When it comes to cybersecurity, passwords are a critical component. The problem is that most people use weak passwords and often reuse those same passwords on different websites. A major issue is the sheer number of passwords we must remember. Between email, banking sites, social media, utilities, and the variety of other websites and services you need to log into how are you supposed to use strong, unique passwords on all those different sites? Your best solution is a password manager.
What is a Password Manager?
A password manager is an application designed to store your online login credentials and other important information in an encrypted database or “vault”. It is locked by a master password or key that only you know. You may be thinking “that doesn’t seem smart, what if someone gets my master password?” That is a reasonable fear but assuming you have chosen a strong, unique, but memorable, master password it is a very effective way to protect the rest of your passwords and login credentials.
Password managers do more than just store your passwords – they also help you generate complex, unique passwords when you sign up for new websites or services. It doesn’t matter how complex or hard to remember the password is because when you go to that website to login you can pull up your password manager and simply copy and paste your password into the login box. Most password managers even come with browser extensions that will automatically fill in your password for you once you have entered your master password.
Many of the password managers available also provide the ability to perform an encrypted sync across devices. That means you can take your passwords with you anywhere – across different computers and even on your phone.
Why do you need a password manager?
There are several cybersecurity issues that can be resolved with the use of a Password Manager. Let’s take a look at the 5 main reasons why you should use a password manager:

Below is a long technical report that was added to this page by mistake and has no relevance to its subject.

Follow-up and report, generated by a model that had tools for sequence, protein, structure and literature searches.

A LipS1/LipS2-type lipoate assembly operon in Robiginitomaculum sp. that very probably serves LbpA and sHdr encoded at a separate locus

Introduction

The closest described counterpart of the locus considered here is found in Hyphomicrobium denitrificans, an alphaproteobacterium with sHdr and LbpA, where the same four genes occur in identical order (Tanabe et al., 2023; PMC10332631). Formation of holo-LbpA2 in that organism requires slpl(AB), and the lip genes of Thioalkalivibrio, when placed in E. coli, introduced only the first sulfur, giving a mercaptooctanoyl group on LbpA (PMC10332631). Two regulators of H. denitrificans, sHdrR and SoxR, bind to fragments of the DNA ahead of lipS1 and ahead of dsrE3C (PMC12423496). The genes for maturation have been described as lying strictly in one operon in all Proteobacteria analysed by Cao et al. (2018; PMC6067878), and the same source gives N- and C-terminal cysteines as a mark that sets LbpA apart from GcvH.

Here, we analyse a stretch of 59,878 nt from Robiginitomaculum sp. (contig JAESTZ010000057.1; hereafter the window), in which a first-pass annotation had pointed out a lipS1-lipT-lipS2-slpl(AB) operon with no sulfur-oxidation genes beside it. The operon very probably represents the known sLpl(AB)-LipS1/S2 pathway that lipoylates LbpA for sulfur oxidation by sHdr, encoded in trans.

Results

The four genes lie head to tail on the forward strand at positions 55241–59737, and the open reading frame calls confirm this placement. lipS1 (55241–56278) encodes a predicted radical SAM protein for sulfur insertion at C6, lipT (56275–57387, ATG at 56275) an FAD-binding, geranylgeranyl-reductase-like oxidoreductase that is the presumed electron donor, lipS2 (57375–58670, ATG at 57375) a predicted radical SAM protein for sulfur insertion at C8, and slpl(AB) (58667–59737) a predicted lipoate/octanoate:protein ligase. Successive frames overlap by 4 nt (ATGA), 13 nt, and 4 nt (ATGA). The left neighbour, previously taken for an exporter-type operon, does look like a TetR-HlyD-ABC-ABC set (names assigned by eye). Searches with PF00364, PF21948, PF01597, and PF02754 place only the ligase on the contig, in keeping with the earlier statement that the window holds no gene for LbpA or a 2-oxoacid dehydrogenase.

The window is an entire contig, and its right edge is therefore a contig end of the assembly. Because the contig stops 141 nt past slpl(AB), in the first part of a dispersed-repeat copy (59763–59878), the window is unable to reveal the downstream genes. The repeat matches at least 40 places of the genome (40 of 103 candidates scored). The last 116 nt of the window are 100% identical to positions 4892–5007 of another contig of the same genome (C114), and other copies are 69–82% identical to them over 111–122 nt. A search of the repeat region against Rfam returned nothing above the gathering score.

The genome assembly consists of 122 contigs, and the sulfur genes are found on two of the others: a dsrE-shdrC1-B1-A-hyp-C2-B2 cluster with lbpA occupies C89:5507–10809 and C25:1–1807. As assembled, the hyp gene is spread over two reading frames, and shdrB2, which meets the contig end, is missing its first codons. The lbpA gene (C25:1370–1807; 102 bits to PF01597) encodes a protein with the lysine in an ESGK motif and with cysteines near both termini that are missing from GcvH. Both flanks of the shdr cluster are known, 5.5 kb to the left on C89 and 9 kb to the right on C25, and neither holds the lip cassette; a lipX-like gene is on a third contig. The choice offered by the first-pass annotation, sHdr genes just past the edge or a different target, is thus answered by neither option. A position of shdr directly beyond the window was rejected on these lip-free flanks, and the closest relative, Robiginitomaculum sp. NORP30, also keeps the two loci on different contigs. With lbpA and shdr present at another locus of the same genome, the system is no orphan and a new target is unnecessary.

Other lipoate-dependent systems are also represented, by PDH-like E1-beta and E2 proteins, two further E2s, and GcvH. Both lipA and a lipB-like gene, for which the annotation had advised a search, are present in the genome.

1 – You are using the same password on multiple websites
Password reuse is a serious problem. The 2019 Google Online Security Survey found 52 percent of respondents reused the same password for multiple (but not all) accounts. That is not surprising when the average person has 50 – 60 passwords to remember. For many of us, that number is probably even higher.
Each year we hear about large, seemingly secure websites, that have massive data breaches where hackers get huge lists of emails and passwords. These passwords lists are often bought and sold on the dark web. Using these purchased lists cybercriminals can brute force their way into other sites if you have reused the same credentials on multiple websites. One breach then leads to more. According to the 2019 Verizon Data Breach Investigations Report, 80 percent of data breaches are caused by compromised, weak, and reused passwords.
Even beyond these large data breaches, many individuals fall for phishing email scams. They receive an email that appears to be from a company or organization they trust such as Amazon, Microsoft, or FedEx with a link to a realistic-looking but fake website. They are tricked into logging into this fake website with their email address and password giving the cybercriminals their credentials. In the same Verizon report, they indicate that nearly one-third of all data breaches involved phishing in one way or another.
A password manager will generate unique passwords for each website you sign up for ensuring you are not reusing your password across multiple sites.
2 – Your passwords are too simple
When you’re relying on your memory for your passwords it is not surprising that you might be using simple or weak passwords. According to a survey by Google, a quarter of Americans admit to having used one of the easy-to-crack passwords like “123456” and “qwerty.” Some other combinations that have been used by 24% of US adults include: “abc123,” “password,” “welcome,” “admin,” “Iloveyou,” and “11111.” Often in office settings where password changes are forced periodically people simply change or add one character from their previous password.
In many cases, hackers can figure out or break these passwords rather easily. The longer and more complex your password is, using a mix of uppercase and lowercase characters, numbers, symbols, and punctuation – the harder it takes for hackers to unscramble or figure out your password.
Using a password manager to generate new completely random passwords prevents you from using variations on your usual theme or making them similar to previous passwords you have used.